Paul West, the novelist and critic (and former Bookforum “First Novels” columnist), has died. “As a stylist,” the New York Times notes in its obituary, he “pulled out most if not all the stops” in books whose protagonists might be astronauts or aliens, Jack the Ripper or von Stauffenberg (who gave his name to the plot against Hitler). “The impulse here,” West wrote in his 1985 vindication of purple prose, “is to make everything larger than life, almost to overrespond, maybe because, habituated to life written down, in both senses, we become inured and have to be awakened with something almost intolerably vivid. When the deep purple blooms, you are looking at a dimension, not a posy.” West believed in giving the world back its intensity and “showing—showing off—the expansive power of the mind itself”: In his view, a writer who’s “afraid of mind, which English-speaking writers tend to be, unlike their Continental counterparts, is a lion afraid of meat.”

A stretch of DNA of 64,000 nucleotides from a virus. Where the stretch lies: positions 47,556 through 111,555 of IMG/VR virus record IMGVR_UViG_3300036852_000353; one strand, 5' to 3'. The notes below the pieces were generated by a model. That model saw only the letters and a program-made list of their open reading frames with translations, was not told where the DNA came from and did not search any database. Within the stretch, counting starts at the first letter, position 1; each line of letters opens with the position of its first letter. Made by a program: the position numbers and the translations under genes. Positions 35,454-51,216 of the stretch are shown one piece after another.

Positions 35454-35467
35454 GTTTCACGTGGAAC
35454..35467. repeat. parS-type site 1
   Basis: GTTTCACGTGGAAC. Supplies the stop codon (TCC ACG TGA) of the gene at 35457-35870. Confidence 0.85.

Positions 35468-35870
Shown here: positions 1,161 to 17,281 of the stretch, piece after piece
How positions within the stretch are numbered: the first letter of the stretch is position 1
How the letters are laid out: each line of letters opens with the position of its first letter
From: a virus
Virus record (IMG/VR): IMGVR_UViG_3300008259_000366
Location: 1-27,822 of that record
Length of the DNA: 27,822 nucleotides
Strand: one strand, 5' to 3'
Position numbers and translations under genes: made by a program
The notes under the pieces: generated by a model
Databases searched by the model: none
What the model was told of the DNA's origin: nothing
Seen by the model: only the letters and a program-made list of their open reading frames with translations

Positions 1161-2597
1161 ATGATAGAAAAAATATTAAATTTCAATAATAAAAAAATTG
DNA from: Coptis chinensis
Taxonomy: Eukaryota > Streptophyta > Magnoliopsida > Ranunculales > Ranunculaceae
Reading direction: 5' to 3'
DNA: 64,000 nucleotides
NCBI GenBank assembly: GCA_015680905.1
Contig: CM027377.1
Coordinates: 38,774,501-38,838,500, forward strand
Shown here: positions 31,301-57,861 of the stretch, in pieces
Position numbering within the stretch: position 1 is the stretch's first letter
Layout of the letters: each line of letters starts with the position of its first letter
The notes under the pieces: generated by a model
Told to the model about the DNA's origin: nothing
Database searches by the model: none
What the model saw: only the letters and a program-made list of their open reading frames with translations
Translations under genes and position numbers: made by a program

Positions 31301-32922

Vice media continues its bid to take over the world (this time via a number of television networks).
Larry Kramer has expressed his impatience with the reviews of his latest book in the New York Times, which he says is “famous among gay writers for ignoring us, or trashing us. Straight critics just don’t get us. Just like straight historians don’t get us.”
If you’ve ever wondered why American readers are so deprived (relatively speaking) of literature in translation, you may be curious about the tribulations of Chad W. Post of Open Letter Press—this sort of publishing, it seems, is a tough business.
Finally, the conversation we’ve been waiting for between one writer and another, where “another” is the infamous Guy in Your MFA.